Elsewhere, a Chinese state-run newspaper has warned Western governments that there are no excuses for air strikes on Syria before the UN has completed its investigation.

And Russia, President Assad's main international ally, also says it opposes any foreign military intervention in Syria.

But in the event of any military action, BBC defence correspondent Caroline Wyatt said cruise missiles could be launched from US ships in the Gulf or the Mediterranean, or Royal Navy vessels including submarine HMS Tireless.

Forces which could be used against Syria
Map: Forces which could be used in strikes against Syria
  • Four US destroyers - USS Gravely, USS Ramage, USS Barry and USS Mahan are in the eastern Mediterranean, equipped with cruise missiles
  • Cruise missiles could also be launched from submarines, including a British Trafalgar class boat; HMS Tireless was reportedly sighted in Gibraltar at the weekend
  • Airbases at Incirlik and Izmir in Turkey, and in Jordan, could be used to carry out strikes
  • Two aircraft carriers - USS Nimitz and USS Harry S Truman, along with escort ships, are in the wider region
  • The Royal Navy's response force task group - which includes helicopter carrier HMS Illustrious and frigates HMS Montrose and HMS Westminster - is in the region on a scheduled deployment
  • RAF Akrotiri airbase in Cyprus could also be used
  • French aircraft carrier Charles de Gaulle is currently in Toulon in the western Mediterranean
  • French Raffale and Mirage aircraft can also operate from Al-Dhahra airbase in the UAE

More on This Story

Syria's war War in Syria


This entry is now closed for comments

Jump to comments pagination
  • rate this

    Comment number 1019.

    It seems to me that Cameron and Obama have a hidden agenda why else would they want to bomb Syria without any real proof of who let off the chemicals for all we know it could have been extremist. That fact that they are still perusing military action is insane.

  • rate this

    Comment number 1008.

    There were 5 chemical attacks on 5 separate locations. Yet to this day,we have been shown pictures of only 1 dismembered rocket shell.
    A chemical weopan attack does not require to be unleashed via rocket or missile`s,tokyo is proof of that.
    Past Evidence has shown that during the last 2 yrs,both the rebels & assad have used chemical weopans.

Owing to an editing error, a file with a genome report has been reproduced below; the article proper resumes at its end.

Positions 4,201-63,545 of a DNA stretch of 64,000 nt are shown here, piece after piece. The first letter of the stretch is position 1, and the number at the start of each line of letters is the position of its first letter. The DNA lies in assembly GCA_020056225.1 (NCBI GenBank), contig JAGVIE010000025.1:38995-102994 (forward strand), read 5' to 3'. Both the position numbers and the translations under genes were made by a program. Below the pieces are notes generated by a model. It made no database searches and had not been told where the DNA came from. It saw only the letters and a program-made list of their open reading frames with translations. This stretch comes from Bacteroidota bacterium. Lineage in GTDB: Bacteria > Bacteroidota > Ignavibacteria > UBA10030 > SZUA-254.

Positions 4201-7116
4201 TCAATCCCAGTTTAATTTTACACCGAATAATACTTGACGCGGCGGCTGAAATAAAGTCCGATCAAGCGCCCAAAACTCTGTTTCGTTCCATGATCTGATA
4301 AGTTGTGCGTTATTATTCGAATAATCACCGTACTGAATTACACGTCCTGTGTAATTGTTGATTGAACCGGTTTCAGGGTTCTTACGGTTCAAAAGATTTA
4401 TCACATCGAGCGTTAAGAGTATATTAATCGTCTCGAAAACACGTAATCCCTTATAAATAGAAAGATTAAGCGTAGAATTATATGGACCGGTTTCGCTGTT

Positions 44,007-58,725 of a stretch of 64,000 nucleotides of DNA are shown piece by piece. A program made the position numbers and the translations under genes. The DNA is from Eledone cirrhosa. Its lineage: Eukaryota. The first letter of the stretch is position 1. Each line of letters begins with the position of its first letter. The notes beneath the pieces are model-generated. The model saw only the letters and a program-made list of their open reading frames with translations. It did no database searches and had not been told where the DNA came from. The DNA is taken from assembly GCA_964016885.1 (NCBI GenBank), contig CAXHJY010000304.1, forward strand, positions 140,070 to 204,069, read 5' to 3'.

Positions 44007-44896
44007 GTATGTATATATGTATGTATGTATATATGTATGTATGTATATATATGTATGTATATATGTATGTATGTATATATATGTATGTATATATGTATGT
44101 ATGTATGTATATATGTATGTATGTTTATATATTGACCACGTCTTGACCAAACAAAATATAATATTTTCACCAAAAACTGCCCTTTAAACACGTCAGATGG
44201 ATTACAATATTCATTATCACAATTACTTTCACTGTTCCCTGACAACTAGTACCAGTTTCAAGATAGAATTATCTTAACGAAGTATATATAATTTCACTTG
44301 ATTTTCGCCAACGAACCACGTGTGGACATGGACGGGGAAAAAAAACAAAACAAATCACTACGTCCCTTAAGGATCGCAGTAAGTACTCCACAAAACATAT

So why intervene militarially now and not earlier?

  • rate this

    Comment number 905.

    Where are the used shell, bomb or rocket casings in which the alleged chemical weapons are supposed to have been delivered?

    Why are the rebels not displaying that "evidence"?

  • rate this

    Comment number 737.

    I see double standards yet again. No-one has bothered about Mugabe and all his brutality but as soon as there is any destabilisation in the Middle East which could affect our oil supply then we take the 'moral' high ground. I abhor war of any kind and recent history tells us this is doomed and why does the UK always stick its nose in. Where are the other Arab nations they should take the lead

  • rate this

    Comment number 710.

    Many posters on here are making the claim that it does not make sense for Assad to use chemical warfare. I think it does. I believe he is trying to scare the innoent civilians to flee to mke it easier to fight the rebels.


Comments 5 of 12


More Politics stories



Try our new site and tell us what you think. Learn more
Take me there

Copyright © 2015 BBC. The BBC is not responsible for the content of external sites. Read more.

This page is best viewed in an up-to-date web browser with style sheets (CSS) enabled. While you will be able to view the content of this page in your current browser, you will not be able to get the full visual experience. Please consider upgrading your browser software or enabling style sheets (CSS) if you are able to do so.